Commentary

Not So Fast: Court Upholds L.A. Billboard Ban

Tuesday the U.S. 9th Circuit Court of Appeals delivered a setback to out-of-home advertisers in Los Angeles with its decision to uphold the city's 2002 ban on new outdoor advertising. Specifically, the court found that the ban did not violate the First Amendment right to free speech, reversing the decision of lower courts. The plaintiff, MetroLights, had challenged the provision against off-site advertising, in which a building surface is used to advertise a product not sold there. But the rebuff has implications for digital out-of-home advertising, a main target of the city's ban.

The legal case -- which is sure to continue as advertisers appeal the ruling -- has attracted the attention of out-of-home advertisers across the country, as L.A. is something of a proving ground for new out-of-home tactics. An automobile Mecca with heavy commuter traffic, its freeways and streets are lined with billboards, including a growing proportion of digital displays, some showing full-motion video. In recent years these have triggered a backlash, leading to a number of legal battles.

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The most recent round began with the apparent unraveling of a legal settlement agreed to by the city government with Clear Channel and CBS Outdoor in 2006. Per the settlement, the outdoor advertisers agreed not to challenge the city's 2002 ban on new billboards, in return for being allowed to upgrade over 800 existing static displays to digital. This agreement seemed to be holding together until last fall, when Clear Channel Outdoor converted a static sign to digital in the well-heeled bohemian neighborhood of Silver Lake.

The well-connected residents of Silver Lake complained that the city's regulation of outdoor advertising was toothless and ineffective, demanding action. In November, Los Angeles city officials recommended that no new billboards be permitted for six months to allow the city to reformulate the 2002 law regulating out-of-home advertising in a way that would withstand challenges on First Amendment grounds. The moratorium could be extended at three-month intervals, if the Los Angeles City Council needed more time to finish revising the rules. The most recent legal victory may prompt the Council to take a more aggressive stance as its members revise the law.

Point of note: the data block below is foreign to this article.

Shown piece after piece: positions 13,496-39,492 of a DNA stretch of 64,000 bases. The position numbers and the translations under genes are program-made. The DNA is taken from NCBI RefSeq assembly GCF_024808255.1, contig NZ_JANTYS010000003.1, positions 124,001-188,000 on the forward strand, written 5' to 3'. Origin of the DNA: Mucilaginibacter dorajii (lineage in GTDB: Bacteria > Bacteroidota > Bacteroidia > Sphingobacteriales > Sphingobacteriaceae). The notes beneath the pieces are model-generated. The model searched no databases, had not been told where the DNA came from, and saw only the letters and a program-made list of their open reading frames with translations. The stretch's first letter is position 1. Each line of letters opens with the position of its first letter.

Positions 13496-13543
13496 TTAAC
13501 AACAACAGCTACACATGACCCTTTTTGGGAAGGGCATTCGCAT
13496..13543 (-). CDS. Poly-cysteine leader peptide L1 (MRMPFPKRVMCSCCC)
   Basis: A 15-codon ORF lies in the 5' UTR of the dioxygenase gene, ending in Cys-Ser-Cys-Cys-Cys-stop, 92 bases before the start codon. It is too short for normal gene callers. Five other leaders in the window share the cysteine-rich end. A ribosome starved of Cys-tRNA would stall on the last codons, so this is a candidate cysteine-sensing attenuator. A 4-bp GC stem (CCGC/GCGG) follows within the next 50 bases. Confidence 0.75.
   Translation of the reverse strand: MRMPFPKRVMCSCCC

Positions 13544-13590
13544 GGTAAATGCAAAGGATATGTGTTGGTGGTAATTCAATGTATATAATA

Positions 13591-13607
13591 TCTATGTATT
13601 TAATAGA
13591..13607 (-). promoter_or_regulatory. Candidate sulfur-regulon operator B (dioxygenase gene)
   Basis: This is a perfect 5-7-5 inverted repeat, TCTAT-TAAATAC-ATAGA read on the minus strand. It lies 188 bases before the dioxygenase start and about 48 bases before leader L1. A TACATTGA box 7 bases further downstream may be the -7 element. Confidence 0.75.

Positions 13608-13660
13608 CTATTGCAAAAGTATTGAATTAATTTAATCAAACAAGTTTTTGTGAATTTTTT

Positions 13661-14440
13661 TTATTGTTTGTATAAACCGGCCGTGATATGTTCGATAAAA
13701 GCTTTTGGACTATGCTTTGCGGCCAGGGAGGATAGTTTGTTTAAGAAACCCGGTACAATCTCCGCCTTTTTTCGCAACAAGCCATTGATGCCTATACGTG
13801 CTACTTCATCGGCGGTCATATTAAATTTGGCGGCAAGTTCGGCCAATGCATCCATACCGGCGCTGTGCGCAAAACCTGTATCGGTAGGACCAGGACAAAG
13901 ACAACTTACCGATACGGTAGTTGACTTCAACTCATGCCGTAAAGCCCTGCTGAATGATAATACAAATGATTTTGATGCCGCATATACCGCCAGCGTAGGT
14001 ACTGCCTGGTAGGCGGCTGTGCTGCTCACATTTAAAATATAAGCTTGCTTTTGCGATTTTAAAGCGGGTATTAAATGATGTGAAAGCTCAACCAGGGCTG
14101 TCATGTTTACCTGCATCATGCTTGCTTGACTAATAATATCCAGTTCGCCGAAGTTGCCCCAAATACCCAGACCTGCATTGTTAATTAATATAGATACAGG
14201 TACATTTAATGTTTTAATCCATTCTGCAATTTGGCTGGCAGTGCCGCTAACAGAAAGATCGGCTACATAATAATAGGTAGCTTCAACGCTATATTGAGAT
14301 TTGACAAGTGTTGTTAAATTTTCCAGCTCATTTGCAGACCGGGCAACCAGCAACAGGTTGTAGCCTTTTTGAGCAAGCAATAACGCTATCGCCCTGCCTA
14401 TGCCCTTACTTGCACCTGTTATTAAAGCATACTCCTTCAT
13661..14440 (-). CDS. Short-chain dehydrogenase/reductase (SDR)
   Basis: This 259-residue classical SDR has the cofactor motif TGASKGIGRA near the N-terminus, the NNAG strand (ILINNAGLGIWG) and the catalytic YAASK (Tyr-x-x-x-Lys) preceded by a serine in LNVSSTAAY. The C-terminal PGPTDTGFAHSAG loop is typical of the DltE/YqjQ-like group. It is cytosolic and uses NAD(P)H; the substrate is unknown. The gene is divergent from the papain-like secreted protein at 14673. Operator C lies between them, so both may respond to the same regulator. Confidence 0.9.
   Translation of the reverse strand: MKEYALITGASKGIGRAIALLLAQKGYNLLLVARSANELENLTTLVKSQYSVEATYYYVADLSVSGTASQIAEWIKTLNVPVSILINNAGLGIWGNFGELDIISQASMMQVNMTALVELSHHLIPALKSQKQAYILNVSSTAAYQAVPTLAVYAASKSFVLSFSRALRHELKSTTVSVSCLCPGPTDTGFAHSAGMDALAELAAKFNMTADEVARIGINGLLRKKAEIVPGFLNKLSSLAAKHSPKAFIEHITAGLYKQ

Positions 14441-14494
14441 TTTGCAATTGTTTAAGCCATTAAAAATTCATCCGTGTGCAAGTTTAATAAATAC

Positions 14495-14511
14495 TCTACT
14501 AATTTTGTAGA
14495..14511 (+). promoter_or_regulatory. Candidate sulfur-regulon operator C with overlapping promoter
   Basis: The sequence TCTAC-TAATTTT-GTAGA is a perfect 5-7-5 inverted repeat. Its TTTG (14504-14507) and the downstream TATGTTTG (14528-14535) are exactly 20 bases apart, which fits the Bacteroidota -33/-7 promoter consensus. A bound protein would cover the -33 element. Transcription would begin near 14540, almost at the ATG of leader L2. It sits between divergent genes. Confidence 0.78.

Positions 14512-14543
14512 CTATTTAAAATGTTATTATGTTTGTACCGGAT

L.A. faces a rising tide of digital outdoor advertising. In September, the lead developer of the $2.5 billion Live LA downtown revitalization project proposed a giant complex of digital signs mounted on the LA Convention Center. Local residents have already registered their opposition to the sign complex, which would have a surface area larger than a football field.

1 comment about "Not So Fast: Court Upholds L.A. Billboard Ban ".
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  1. Scott Ellison from PARTNERSHIP MARKETING, January 21, 2009 at 8:13 p.m.

    Hello:
    I am a midwestern born and raised in Rapid City, SD.
    You know Mt. Rushmore; Crazy Horse; Custer; Bury my Heart @ Wounded Knee...OK. I opened my own OOH company in Sioux City, Iowa which then progressed into 3 states. I love the medium. The problem is this; The outdoor companies have a history of taking liberties with laws and regulations. Even though they had legal rights to build and expand, they did so until "ALL" of them over built and it got the attention of law makers who then decided that it was time to slap a "MORATORIUM" on all builds until a study could be done to find out how it would impact the area. Once that happens it's over. What ever happened to policing the industry by the people who are making a living off it? I go to the top 25 markets in the US. It's in every major market. The big 3 and some independents have over built! Just because you can doesn't mean it's ok. Truth be it told...in heavy areas of traffic people are not concerned about the $7.99 Big Mac Meal being advertised and I highly doubt they are thinking about super sizing it. Like I said...I love the medium and it's getting attention. Unfortunately, it's the wrong kind. Oh one more thing...this is for the lawmakers city and state...You have way more important things to worry about than a a Billboard that's digital in LA....I got it...I will give you and IOU with 5% interest that says I won't do this anymore....In South Dakota there is a saying.."DON'T P*SS ON MY BACK AND TELL ME IT'S RAINING

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